Everything

Cycles

Georges Gurdjieff, Gamelan instrument, Robert Fripp, Steve Reich
The Price is Reich

Back in the late 1980s, I somehow found my way to an odd assortment of things: the writings of Gurdjieff, Balinese Gamelan music, and Steve Reich. Much of this was brought together because of a guitar teacher based in Virginia Beach, who taught for some time in Claymont, West Virginia at a school led by Robert Fripp.  

There is something cyclical to all of this. Gamelan music works in cycles – too complex to explore here. Much of what Robert Fripp does with his guitar is cyclical – often using odd time signatures (5/4, 7/8, 11/8) which adds to his distinctive sound — and Steve Reich’s compositions are greatly defined by the melodic and harmonic cycles (of different lengths, shifting accents) going on at the same time.  

Speaking of cycles, I’m returning to these early experiences with new tools – and I’m remembering (cyclical!) my excitement about everything I mentioned above. Fast forward to the mid 1990s, when I first created computer based sounds, using loops on what would now be considered rudimentary equipment with limited options (which is not a bad thing) —nearly a quarter century later, I’ve returned to doing some musical experiments using computers and, recently, was able to finally wrap my head around Ableton Live, a software program that works using two interfaces, one is linear and the other is cyclical. That’s as far as I’ll go here.

I can’t score music – I understand it, to some extent I can follow along. However, I can translate Midi notes (from Ableton) into musical notation. Here’s something I wrote out using Midi notes.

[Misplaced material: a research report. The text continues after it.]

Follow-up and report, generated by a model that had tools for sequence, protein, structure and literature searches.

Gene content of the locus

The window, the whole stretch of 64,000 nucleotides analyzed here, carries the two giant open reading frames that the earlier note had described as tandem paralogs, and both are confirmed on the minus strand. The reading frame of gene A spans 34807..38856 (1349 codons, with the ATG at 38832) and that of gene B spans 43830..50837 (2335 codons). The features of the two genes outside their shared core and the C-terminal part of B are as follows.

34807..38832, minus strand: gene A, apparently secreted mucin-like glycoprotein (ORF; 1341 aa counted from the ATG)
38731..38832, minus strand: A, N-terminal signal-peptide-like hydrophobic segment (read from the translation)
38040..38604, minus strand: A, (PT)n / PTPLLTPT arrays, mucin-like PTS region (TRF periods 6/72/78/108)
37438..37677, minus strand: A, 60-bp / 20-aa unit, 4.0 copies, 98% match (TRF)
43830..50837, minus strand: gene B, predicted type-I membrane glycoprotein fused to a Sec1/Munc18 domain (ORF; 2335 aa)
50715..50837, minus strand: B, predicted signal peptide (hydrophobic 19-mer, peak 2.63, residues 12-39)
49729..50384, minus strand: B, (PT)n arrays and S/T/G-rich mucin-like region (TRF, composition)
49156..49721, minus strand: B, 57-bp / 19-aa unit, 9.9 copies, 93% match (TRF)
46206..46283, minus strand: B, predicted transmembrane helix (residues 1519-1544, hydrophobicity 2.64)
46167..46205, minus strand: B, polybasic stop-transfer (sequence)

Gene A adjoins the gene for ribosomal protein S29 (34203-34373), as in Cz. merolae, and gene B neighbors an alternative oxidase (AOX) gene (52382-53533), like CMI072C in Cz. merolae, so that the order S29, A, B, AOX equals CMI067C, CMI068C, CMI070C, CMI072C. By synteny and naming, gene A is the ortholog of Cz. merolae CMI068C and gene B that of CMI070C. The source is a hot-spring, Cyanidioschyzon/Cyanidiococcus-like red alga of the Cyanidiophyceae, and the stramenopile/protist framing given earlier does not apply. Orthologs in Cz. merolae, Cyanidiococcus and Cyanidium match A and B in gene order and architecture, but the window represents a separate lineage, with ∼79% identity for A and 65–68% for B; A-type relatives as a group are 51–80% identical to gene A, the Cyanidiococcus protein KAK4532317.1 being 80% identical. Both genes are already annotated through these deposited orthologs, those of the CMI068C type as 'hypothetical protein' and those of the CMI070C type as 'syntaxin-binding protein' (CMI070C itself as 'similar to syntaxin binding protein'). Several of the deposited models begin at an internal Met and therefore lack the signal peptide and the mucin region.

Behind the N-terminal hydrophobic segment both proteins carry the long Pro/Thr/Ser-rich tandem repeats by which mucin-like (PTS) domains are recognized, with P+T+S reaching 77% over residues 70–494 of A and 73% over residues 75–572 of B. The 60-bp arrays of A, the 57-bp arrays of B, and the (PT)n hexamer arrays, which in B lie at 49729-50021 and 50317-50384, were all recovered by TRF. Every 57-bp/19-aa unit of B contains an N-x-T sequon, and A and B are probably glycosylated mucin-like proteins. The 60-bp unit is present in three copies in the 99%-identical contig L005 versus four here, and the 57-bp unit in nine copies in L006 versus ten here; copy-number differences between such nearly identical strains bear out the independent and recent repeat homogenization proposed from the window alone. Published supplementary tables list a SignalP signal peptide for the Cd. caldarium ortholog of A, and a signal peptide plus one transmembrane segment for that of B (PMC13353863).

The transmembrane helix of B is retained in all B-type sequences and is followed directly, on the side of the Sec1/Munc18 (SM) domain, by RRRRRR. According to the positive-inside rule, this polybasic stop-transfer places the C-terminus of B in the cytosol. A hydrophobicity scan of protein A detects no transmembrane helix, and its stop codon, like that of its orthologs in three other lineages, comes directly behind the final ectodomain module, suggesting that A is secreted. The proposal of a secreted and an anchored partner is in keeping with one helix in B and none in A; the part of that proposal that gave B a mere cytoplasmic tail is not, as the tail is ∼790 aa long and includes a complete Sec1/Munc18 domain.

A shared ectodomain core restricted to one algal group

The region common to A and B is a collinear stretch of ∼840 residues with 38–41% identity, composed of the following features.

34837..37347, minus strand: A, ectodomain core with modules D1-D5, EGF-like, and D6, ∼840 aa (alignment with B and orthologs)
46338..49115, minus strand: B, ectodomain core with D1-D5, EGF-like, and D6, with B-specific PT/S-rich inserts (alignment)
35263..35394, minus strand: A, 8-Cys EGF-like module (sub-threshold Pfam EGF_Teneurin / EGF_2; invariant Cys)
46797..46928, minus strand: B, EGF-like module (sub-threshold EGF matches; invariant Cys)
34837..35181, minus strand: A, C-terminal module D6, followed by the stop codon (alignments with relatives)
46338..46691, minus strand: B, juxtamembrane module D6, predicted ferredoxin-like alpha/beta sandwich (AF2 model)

Using this two bar sketch, I created four tracks (clips) in Ableton, three of which arpeggiate (using a native midi effect called ‘Bach 16th’) with shifting emphasis (by changing offsets and rates.)  The 4th track (clip) turns these two bars into eight. All of the sounds, two vibes patches, are from an Arturia Synclavier V. The four clips begin and end at different points. 

I hope to do more or something different like this in the future. It’s undoubtedly influenced by Reich but the path that took me here was very different – I’m not a composer or arranger. This is more a matter of what Brian Eno refers to as Generative Music — I put a very rudimentary idea (two bars of chord changes) through two processes: arpeggiators with different accents and one element that was played with sustained chords at 1/4 of the tempo. 

Johnny Adams on Rounder Records

Johnny Adams on Rounder Records
Scott Billington on Johnny Adams in the studio

I’m not sure what came first. My uncle Michael turning me onto Johnny Adams aka ‘the Tan Canary’ or the night I was playing pool at a now closed drinking establishment in the French Quarter. All I can say is ‘Good Morning Heartache’ floored me. I was admittedly lured in by the album (actually CD…) cover (shot by Rick Olivier), but there was something about Johnny Adam’s voice that captured my attention from that point forward.

Fast forward, many years later — here’s part of an interview with Scott Billington, a man greatly responsible for recording musicians who got their start as far back as the late 1950s, beautifully — that’s definitely the case with these 9 albums.

‘Freedom for the Stallion’

Irma Thomas, Allen Toussaint